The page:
The Future is (Almost) Here
Did I get your attention? Great, because there’s something critical coming up in October (next month!) that retailers need to be aware of. It’s one of several technology trends coming down the pike that will impact garden retailers. Read on to see just what those trends are.
It’s short for Europay, MasterCard and Visa, and is a new type of card that carries a chip inside and requires a new type of reader for retailers to make transactions. They’re being shipped out as you read this to replace the old style of credit card. Why would you invest in the new technology? Because starting October 1, those retailers who don’t make the switch may be on the hook for any fraudulent activity that happens as a result of sliding a card in your store.
According to a recent poll of small businesses by Intuit, 42% of owners have not heard about the EMV liability shift deadline (which is October 1—you’re now light years ahead of 42% of small business owners). Fifty-seven percent cited the cost of a new terminal or reader as the top reason keeping them from upgrading. However, think about the cost of being responsible for fraudulent charges from a customer’s credit card and any potential lawsuits that could follow. Also, American Express and Discover are on board with the new EMV chip cards, and they, too, will transfer responsibility to other parties after October 1.
The hubbub with chips in credit cards is a great segue into the next tech trend, which is mobile payments. That’s paying with stuff via your smartphone. Right now the big name here is Apple Pay, which rolled out last fall. It’s becoming more familiar to consumers as adoption of iPhone 6 and 6 Plus (and Apple Watch) technology grows. It’s simple—the customer uploads credit card data to their phone, then waves the phone in front of a reader at the store with their thumb on the Touch ID button.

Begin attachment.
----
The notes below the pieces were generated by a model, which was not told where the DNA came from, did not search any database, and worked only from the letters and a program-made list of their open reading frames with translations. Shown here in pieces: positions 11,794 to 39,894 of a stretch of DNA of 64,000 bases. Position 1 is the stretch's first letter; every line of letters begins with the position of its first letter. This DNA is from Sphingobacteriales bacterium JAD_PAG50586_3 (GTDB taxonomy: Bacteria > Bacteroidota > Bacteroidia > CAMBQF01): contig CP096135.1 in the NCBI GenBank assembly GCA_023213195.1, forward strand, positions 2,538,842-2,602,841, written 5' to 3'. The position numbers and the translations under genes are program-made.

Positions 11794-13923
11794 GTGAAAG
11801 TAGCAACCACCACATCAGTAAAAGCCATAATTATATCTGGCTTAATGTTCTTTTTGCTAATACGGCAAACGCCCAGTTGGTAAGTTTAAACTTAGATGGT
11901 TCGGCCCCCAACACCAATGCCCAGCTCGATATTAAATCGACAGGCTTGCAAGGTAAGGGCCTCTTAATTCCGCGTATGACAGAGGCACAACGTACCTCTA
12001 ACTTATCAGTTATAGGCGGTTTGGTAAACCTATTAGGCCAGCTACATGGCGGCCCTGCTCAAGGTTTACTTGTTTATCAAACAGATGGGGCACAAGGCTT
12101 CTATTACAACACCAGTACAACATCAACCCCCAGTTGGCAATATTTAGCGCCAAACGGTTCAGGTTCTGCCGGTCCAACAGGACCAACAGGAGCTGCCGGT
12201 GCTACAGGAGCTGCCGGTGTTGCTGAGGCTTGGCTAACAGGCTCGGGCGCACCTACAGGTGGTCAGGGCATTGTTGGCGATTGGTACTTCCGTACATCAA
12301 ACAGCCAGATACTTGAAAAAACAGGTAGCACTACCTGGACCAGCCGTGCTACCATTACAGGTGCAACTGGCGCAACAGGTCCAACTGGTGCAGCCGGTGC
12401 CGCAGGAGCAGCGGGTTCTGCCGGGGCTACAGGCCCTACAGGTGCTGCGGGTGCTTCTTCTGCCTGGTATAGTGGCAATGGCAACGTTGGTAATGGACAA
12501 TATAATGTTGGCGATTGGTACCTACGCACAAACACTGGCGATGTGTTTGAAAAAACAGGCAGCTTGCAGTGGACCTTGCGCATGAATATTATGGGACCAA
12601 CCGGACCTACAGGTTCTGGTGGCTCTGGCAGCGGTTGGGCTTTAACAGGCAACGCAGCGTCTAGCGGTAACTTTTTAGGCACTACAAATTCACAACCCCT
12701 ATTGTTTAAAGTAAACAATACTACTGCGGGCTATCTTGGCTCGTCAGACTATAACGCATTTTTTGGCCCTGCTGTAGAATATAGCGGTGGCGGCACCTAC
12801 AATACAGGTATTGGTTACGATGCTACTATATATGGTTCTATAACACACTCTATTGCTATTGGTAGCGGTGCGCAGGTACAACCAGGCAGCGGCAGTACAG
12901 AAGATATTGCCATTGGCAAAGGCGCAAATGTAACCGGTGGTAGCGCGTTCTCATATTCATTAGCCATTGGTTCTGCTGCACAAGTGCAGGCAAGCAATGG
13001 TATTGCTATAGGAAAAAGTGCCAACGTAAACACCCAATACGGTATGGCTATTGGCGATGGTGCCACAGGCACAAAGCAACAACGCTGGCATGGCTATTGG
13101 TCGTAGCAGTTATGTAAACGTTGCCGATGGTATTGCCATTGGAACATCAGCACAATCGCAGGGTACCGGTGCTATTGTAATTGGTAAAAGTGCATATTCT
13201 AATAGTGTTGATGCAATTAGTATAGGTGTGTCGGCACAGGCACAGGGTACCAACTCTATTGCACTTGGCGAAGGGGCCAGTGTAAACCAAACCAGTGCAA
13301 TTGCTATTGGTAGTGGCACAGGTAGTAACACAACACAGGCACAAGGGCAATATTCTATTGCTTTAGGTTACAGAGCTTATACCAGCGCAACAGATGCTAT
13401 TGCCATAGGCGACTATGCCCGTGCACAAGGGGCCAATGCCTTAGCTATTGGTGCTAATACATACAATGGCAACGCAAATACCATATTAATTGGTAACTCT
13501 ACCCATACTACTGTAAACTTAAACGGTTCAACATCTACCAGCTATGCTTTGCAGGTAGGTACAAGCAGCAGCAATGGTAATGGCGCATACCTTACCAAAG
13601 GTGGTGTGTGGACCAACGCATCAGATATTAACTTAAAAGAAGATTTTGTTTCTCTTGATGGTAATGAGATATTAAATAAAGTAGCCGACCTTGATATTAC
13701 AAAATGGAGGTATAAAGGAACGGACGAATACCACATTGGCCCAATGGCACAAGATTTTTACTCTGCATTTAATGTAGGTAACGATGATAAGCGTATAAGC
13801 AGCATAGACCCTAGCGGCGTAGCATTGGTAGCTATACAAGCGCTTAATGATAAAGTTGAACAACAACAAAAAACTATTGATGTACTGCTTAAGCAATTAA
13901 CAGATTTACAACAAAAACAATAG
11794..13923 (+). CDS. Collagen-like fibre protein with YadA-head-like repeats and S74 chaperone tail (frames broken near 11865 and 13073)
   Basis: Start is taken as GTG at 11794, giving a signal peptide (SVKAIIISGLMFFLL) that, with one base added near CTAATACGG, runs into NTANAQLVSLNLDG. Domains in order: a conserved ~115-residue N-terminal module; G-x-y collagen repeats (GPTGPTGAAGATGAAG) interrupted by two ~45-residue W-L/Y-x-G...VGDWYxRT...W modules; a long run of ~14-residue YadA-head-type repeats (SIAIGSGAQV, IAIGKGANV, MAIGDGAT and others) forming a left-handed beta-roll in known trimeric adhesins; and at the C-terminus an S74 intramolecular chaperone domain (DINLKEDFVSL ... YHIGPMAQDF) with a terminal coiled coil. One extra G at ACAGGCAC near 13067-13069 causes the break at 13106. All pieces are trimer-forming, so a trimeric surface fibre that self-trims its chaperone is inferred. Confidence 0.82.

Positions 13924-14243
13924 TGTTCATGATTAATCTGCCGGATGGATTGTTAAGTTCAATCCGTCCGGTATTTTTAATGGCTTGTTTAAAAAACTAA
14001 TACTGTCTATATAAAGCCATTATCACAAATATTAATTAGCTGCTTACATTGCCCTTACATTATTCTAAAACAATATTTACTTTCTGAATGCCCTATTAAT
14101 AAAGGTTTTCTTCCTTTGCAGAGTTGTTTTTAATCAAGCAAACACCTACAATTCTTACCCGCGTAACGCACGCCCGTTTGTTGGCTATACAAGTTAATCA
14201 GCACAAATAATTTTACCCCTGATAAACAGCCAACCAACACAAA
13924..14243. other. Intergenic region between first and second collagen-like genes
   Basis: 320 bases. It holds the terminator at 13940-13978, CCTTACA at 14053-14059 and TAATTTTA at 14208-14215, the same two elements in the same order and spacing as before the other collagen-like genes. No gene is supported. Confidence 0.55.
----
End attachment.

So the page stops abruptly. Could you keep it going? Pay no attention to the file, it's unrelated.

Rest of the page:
There’s a laundry list of popular retailers who already accept it (Whole Foods saw mobile payments grow 400% since Apple Pay came out). However, a recent survey showed only 13% of those who could use the technology actually did use it. Apple is coming up with new programs to encourage use, though, so the day when customers expect to pay with their phone may be coming. It never hurts to contact your point-of-sale rep to see if this is something you need to worry about sooner or later.
If you’re still with me, don’t jump ship just yet. I know this isn’t the sexiest of topics, but it could have implications for your business. According to Sam Kirkland, National Acccounts Manager for Epicor, a major point-of-sale provider, more and more data servers are being moved offsite.
“It’s becoming the standard, but it comes down to what is the cost to do it,” he notes. “I don’t have a piece of hardware in my office that needs to be fixed. It reduces the IT staff requirements in a business.”
Other upsides include not having to worry about backups, updates or equipment breaking, Sam adds. The negatives are that many times people feel more secure with having the hardware physically in the business that stores the data needed to run it.
If you do move it off-site, there’s typically a monthly charge, and retailers need to weigh the yearly outlay of what it would cost in the business versus outside. “As those numbers come close, the discussion needs to be had,” he adds. “Is it time to take it offline?”
Thanks for sticking with me to the end. There’s still one more topic that we couldn’t fit in this story and that’s apps. That’s another story for another month, and it will be coming very soon, so stay tuned to these pages. GP